Before beginning this program, the area will need to be set up for "The Great Hummingbird Nectar Game." First, make several large flowers out of stiff paper (one flower for every two participants works well). Make sure the flowers are different colors with a least one red one. It is important to make one elongated petal and to cut a hole in the middle large enough for the flower to fit over the top of a half-liter bottle. Next, fill the bottles with varying amounts of red fruit punch. Then, right before the program, place a little baby powder on the elongated petal to represent the pollen. Scatter the bottles around the area by hanging them from trees using fishing line. These will represent flowers with nectar and pollen. Next, prepare hummingbird beaks for the participants. Cut the straws in various lengths and put bends in some. Then, use small, conical, paper drinking cups for the base of the beak. Snip the tip off and run the straw through the tip of the cup. Tape it to hold it in place. The children can now place the straw in their mouths and use it to suck up the fruit punch (nectar) from the flowers. Also, place a hummingbird feeder somewhere where the children can observe it during the program. Maybe it will attract a live specimen!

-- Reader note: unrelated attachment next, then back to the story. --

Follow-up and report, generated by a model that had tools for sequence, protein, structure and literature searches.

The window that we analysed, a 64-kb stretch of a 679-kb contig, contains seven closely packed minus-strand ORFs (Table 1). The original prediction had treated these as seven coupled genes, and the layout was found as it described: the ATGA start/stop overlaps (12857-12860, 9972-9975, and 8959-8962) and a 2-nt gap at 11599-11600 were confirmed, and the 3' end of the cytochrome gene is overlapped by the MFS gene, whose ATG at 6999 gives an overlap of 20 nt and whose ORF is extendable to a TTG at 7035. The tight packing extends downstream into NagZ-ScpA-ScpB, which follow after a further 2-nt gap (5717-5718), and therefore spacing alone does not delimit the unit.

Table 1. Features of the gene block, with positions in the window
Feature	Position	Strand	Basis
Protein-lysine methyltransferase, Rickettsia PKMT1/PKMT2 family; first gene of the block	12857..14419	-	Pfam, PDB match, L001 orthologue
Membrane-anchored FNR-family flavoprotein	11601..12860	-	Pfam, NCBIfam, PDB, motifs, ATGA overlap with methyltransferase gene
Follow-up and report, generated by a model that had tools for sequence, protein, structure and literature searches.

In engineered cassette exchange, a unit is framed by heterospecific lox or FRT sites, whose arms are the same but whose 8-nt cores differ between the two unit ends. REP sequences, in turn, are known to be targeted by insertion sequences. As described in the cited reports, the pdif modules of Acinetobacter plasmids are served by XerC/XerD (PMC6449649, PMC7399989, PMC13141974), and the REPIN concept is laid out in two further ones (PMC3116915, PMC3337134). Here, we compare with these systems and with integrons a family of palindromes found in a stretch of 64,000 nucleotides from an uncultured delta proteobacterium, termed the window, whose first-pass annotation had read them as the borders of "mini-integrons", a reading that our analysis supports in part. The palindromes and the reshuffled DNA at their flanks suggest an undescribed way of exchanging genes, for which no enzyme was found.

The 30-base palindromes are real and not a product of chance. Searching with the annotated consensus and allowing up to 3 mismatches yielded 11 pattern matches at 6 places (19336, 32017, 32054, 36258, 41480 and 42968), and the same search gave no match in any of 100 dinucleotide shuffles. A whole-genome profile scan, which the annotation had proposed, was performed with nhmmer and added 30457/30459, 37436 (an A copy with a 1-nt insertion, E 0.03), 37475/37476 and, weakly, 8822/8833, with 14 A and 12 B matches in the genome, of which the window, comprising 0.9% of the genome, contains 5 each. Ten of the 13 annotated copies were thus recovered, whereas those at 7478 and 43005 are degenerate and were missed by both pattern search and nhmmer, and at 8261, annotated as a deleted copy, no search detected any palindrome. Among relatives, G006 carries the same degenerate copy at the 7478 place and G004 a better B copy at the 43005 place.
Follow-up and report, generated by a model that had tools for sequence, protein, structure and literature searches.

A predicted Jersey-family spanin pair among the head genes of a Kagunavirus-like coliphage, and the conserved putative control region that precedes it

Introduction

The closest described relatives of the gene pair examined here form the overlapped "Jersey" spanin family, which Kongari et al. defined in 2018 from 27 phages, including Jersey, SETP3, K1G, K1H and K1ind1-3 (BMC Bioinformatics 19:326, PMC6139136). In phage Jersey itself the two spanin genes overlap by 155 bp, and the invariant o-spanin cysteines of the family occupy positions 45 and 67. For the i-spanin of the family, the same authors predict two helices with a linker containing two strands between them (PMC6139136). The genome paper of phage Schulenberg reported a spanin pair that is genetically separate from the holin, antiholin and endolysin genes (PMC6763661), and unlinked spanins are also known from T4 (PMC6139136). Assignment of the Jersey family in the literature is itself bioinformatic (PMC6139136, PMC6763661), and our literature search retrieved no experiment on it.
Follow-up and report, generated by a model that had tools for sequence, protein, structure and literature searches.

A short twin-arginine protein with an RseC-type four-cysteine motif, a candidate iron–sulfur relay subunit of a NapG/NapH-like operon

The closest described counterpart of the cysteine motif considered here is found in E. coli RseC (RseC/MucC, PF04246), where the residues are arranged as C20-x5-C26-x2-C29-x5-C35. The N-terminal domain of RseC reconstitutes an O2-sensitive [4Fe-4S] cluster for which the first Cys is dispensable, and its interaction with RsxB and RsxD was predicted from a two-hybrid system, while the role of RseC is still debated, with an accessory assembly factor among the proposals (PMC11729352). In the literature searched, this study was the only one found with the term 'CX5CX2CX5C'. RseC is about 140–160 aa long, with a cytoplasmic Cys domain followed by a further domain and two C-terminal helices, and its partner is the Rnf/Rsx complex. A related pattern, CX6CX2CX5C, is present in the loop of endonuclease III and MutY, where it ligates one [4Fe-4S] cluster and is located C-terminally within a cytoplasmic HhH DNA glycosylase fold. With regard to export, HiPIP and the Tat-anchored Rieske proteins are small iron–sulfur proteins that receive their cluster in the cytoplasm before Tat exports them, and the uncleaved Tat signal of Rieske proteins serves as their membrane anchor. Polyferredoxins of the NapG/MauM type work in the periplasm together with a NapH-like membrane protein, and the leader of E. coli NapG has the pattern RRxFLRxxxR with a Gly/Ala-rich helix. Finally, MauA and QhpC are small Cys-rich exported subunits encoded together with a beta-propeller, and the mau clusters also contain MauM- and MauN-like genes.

Introductions to one another
Overview of the "Happier Than A Hummingbird" activity
II. Body of Learning
A) An Introduction to the Hummingbird--Where does it fit? (Discussion)
B) The Great Hummingbird Nectar Game
This activity is designed to demonstrate the relationship between hummingbirds and flowering plants. After giving each child a hummingbird beak, have them go around to the flowers that have been hung around the area and drink some nectar from each of the flowers. Depending on which beak they have, some of the children will not be able to reach the nectar. This is all part of the game. Tell the children to fly from flower to flower with the figure eight motion. After everyone has visited each flower once, have them sit down and to discuss the activity.
Questions to consider and discuss:
Hummingbird Nesting Foray!
Prepare students for the foray by discussing hummingbird nesting behavior.
At this point, walk around the field or forest edge identifying possible nesting material for hummingbirds.
Greenewalt, C.H. Hummingbirds. Dover, 1960 (1990).
Hilton Jr., B. 1987. The Piedmont Naturalist. Vol. 1. York, South Carolina: Hilton Pond Press.
Johnsgard, P. 1997. The Hummingbirds of North America. Smithsonian.
"Fill the Bill." Ranger Rick's Nature Scope. 1.4 ( 1985): 29-30,
Holley, Dennis. Animals Alive! An Ecological Guide to Animal Activities. United States of America: Robert Rinehart Publishers, 1994: 196-199, 201, 206-207, 209.
Project Learning Tree. "Dynamic Duos." Environmental Education Activity Guide Pre K-8. Washington, DC: American Forest Foundation, 1993. 79-82.
Sisson, Edith A. Nature with Children of all Ages. New York: Prentice Hall Press, 1987: 78, 82